Friday, November 05, 2010

NASA Runs Into Potential Shuttle Launch Show-Stopper

NASA engineers have detected a potentially dangerous leak of gaseous hydrogen that could force the agency to scrap today's planned launch of shuttle Discovery and six astronauts on an International Space Station outfitting mission.

The leak of gaseous hydrogen was detected from a fixture that vents excess gaseous hydrogen from the external tank, through ground support lines to a flare stack 1,000 feet from the launch pad, where it is safely burned away.

Similar leaks caused delays in the launches of the STS-119 mission in March 2009 and the STS-127 mission in June 2009.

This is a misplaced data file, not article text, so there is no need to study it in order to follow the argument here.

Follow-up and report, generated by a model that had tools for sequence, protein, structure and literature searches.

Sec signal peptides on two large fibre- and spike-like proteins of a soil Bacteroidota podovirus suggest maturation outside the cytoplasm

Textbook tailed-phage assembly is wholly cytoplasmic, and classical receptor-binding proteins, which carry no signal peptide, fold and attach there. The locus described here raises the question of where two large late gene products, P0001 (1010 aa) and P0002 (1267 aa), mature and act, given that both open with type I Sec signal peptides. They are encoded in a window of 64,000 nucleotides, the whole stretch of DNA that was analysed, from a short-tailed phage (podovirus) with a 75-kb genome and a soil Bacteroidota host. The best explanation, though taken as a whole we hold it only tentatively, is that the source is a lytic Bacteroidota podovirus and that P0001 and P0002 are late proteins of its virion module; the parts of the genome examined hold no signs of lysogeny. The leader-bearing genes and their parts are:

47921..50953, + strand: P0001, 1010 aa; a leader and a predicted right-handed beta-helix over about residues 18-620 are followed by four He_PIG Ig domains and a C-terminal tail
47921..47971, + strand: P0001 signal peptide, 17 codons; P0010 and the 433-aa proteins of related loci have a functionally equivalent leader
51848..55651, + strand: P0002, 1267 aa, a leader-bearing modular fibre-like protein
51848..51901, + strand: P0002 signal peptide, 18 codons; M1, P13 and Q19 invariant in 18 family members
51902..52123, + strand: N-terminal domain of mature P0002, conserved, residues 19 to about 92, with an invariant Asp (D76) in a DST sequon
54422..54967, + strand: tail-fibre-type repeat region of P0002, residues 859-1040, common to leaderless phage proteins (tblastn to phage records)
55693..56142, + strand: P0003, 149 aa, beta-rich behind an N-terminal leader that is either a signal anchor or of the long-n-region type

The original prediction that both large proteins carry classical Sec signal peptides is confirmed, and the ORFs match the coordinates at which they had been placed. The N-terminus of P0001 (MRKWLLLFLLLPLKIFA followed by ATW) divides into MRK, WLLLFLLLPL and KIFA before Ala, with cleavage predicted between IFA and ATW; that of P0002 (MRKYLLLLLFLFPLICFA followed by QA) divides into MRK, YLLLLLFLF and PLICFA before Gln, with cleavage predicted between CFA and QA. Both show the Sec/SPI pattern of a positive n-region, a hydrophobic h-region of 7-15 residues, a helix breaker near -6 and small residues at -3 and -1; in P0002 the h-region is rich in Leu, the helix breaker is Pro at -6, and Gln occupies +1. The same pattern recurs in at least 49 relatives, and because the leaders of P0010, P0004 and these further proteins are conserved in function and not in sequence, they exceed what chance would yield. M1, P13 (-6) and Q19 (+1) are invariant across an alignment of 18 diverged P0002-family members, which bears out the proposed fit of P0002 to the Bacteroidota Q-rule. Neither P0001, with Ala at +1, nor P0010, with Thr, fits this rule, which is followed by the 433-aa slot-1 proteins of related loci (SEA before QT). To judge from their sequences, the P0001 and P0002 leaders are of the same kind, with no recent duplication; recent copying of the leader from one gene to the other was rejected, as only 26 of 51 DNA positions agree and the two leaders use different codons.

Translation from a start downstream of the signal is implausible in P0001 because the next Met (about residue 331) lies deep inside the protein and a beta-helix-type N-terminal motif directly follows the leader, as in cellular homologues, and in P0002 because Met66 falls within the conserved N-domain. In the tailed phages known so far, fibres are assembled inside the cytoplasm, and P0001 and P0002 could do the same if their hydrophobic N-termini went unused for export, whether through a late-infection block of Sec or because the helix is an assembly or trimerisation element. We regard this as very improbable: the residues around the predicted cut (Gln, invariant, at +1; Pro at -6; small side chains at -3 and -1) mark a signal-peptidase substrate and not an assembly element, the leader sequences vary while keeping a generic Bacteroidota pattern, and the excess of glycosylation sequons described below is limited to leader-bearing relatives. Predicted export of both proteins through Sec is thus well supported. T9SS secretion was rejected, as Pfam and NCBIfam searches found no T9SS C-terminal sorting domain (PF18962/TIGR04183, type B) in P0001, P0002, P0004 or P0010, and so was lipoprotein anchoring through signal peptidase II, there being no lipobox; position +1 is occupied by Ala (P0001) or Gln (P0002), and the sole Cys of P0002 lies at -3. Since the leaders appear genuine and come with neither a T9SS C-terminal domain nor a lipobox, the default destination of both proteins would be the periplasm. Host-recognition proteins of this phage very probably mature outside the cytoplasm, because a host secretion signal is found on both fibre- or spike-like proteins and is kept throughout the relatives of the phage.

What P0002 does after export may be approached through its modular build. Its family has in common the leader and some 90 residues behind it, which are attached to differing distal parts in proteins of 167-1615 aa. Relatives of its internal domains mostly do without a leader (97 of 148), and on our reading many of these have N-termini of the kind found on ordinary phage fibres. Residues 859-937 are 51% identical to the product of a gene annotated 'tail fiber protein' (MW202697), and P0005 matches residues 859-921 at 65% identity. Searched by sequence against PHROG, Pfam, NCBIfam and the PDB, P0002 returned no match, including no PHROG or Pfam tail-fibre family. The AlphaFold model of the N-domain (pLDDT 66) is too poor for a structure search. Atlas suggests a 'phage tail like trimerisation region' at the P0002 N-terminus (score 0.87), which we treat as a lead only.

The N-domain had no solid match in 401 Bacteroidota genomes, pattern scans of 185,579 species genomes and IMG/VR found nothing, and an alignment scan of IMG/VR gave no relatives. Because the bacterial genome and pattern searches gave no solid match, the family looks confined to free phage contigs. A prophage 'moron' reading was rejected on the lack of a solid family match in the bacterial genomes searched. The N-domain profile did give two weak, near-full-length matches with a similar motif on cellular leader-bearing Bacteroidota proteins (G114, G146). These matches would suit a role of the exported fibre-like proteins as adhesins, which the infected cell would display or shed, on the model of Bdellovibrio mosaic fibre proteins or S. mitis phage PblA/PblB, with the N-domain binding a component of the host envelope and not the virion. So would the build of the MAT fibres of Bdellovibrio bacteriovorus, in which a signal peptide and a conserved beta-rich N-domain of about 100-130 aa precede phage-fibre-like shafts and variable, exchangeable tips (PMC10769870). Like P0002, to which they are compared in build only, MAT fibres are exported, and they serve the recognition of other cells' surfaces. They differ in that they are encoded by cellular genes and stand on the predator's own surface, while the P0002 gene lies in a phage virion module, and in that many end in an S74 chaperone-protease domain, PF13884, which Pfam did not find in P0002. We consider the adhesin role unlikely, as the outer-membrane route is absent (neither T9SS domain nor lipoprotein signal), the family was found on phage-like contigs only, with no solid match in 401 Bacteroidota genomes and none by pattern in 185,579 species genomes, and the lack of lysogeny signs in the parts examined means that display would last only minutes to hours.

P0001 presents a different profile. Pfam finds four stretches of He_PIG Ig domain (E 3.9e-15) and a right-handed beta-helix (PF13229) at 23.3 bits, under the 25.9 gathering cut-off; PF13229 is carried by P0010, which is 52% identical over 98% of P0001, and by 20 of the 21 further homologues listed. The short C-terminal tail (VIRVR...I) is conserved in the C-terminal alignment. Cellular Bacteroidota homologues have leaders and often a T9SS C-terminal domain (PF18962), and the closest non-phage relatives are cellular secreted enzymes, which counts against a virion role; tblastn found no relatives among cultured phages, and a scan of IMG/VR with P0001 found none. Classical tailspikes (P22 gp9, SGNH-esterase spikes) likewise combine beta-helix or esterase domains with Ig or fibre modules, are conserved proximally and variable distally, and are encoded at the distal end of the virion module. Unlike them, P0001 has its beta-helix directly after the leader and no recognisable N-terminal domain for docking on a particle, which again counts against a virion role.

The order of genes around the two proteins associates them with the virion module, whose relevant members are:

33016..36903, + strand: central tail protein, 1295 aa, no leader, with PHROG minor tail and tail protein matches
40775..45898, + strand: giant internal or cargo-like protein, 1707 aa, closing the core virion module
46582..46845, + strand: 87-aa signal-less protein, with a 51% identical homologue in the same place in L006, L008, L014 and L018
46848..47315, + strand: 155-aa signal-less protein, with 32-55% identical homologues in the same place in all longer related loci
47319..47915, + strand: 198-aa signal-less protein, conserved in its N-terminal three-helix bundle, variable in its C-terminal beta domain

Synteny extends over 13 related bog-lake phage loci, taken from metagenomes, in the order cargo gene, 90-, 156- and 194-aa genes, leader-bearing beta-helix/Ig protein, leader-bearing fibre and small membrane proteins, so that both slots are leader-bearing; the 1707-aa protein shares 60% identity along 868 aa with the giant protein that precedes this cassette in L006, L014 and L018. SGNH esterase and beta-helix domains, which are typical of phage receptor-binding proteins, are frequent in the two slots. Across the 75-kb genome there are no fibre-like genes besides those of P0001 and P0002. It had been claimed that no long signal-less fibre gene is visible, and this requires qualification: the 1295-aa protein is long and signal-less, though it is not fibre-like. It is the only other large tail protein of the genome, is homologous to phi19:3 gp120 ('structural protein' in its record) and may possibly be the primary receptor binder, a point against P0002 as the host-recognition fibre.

The STS-127 mission was delayed a month.

NASA must launch Discovery by Sunday or delay until a window that opens Dec. 1 and closes after Dec. 5.

The sun angle on the International Space Station between Monday and Nov. 23 will be such that the outpost could not generate enough power, and the shuttle could not dispel enough heat, for docked operations.

A three-man station crew also is scheduled to depart the outpost Nov. 29 and an ongoing shuttle mission would interrupt that operation.

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